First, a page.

Often their mind may make connections between subjects where there are none. The individual may also have disturbing thoughts and not understand why. Racing thoughts can be difficult to diagnose as sufferers of bipolar disorder symptoms are often not aware that their thoughts are erratic.
6. Erratic Behavior
With erratic thoughts come erratic behavior. Normal routines are broken when accompanied by erratic thinking, and a person with bipolar can begin to display overindulgent behaviors. These may manifest through excessive consumption of drugs and alcohol, spending beyond their budget on unnecessary extravagances, or hyper-sexual activities such as engaging in affairs or unsafe sex. As a result of these behaviors the individual’s life can begin to break down when a bank account is drained or a relationship is abruptly ended. It is important to watch for any erratic behaviors to determine whether a person in your life may be bipolar. It’s important to remember that only a doctor can diagnose such symptoms, but spotting symptoms early can assist with finding treatment options while the condition is still manageable.
7. Substance Abuse
People with bipolar have a disproportionately higher chance of suffering from substance abuse problems. If they are not on medications prescribed to help their bipolar disorder symptoms they will use drugs and alcohol as a way to self-medicate.
During a manic phase, drugs and alcohol can be used to ease the symptoms of racing thoughts or inability to sleep. A bipolar person may use drugs or alcohol as a way to cope with their sad feelings or even as a way to escape self-harm or suicidal thoughts.
8. Suicidal Thoughts
Because bipolar is often accompanied by depression, there is always the risk of suicidal thoughts. People in the depression phase of bipolar disorder often have thoughts of ending their lives. Even if the individual is properly diagnosed and on medication and regular therapy, suicidal thoughts are something that should be taken very seriously, as suicide is not uncommon for bipolar sufferers.
Rational thought is often pushed aside during manic phases, and this can lead to reckless behaviors. Overspending, sometimes referred to as “retail therapy,” occurs with many people who exhibit bipolar tendencies. The erratic thoughts of a person in bipolar mania may prohibit them from recognizing that they are spending more money than they should. Overspending often leads to a drained savings account or excessive debt which can in turn trigger a sense of guilt for causing the situation in the first place.
The final symptom to look for in a bipolar person is guilt. Because mania can lead to erratic thinking and behavior such as overspending, the individual often ends their period of mania with a sense of guilt toward how they treated themselves and others.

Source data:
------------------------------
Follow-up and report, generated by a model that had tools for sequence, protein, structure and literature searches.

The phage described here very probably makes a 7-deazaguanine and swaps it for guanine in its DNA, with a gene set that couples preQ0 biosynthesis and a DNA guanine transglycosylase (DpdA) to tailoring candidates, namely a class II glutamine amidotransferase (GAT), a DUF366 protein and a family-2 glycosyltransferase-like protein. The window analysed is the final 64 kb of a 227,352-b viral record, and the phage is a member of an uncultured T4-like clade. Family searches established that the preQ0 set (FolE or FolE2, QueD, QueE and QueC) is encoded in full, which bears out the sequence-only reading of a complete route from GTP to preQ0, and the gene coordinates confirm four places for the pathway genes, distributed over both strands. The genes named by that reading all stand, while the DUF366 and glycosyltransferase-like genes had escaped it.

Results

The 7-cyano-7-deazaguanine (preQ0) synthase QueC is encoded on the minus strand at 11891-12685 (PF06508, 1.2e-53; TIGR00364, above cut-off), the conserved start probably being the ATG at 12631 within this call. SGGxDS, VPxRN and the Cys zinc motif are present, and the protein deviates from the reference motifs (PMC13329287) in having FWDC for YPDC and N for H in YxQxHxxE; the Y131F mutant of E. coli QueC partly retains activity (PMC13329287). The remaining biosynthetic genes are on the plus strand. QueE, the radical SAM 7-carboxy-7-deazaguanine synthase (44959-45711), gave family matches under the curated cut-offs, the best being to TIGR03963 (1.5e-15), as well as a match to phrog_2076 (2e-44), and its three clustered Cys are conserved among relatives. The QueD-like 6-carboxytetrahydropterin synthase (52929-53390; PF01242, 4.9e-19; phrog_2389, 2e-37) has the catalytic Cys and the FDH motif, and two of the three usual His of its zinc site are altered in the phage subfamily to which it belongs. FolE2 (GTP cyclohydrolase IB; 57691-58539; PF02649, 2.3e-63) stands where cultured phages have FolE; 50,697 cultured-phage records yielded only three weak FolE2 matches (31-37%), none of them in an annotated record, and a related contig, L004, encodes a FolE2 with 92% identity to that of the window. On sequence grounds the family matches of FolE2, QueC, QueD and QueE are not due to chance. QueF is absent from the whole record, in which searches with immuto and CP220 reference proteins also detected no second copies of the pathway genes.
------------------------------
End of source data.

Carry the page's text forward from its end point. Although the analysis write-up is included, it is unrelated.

This sense of guilt is the catalyst for mania transitioning into depression. Often the feelings of guilt toward how the bipolar person treated someone else will lead to guilt which will lead to depression and before you know it, the person is deep into a depressive phase of their bipolar disorder.
With medication and therapy, the feelings of mania and depression can be reduced, meaning that the feeling of guilt will be less likely to occur as the mania will recur with less frequency. This may also diminish the risk of depressive episodes.
It is important to remember that sufferers of bipolar often have little or no control over their emotions. It can be frustrating to engage with a loved one who is bipolar, but they do not choose to have their mood swings and can often be as frustrated with themselves as any friend or family member could be. Below are ten common myths about bipolar disorder to help you get an understanding of many of the misconceptions around mental health issues.
It’s important to remember that despite the difficulty the symptoms may cause, bipolar is manageable. With proper lifestyle changes, regular therapy, and a strict diet and medication regimen most people are capable of living a healthy lifestyle with bipolar. Therapy can help to manage with erratic behaviors while doctor’s visits and medication are known to help with the drastic mood swings of the disorder.
1. Mental illness doesn’t exist.
2. I don’t know anyone with a mental health condition.
3. Children don’t have mental disorders.
4. There is no effective treatment for mental illnesses.
5. People shouldn’t seek help until they are having a breakdown.
6. Mental illnesses are people’s own fault.
7. People with a mental health condition should keep their thoughts to themselves.
8. Those with mental disorders are violent.
9. No one can prevent a mental illness.
10. Poor parenting is the culprit.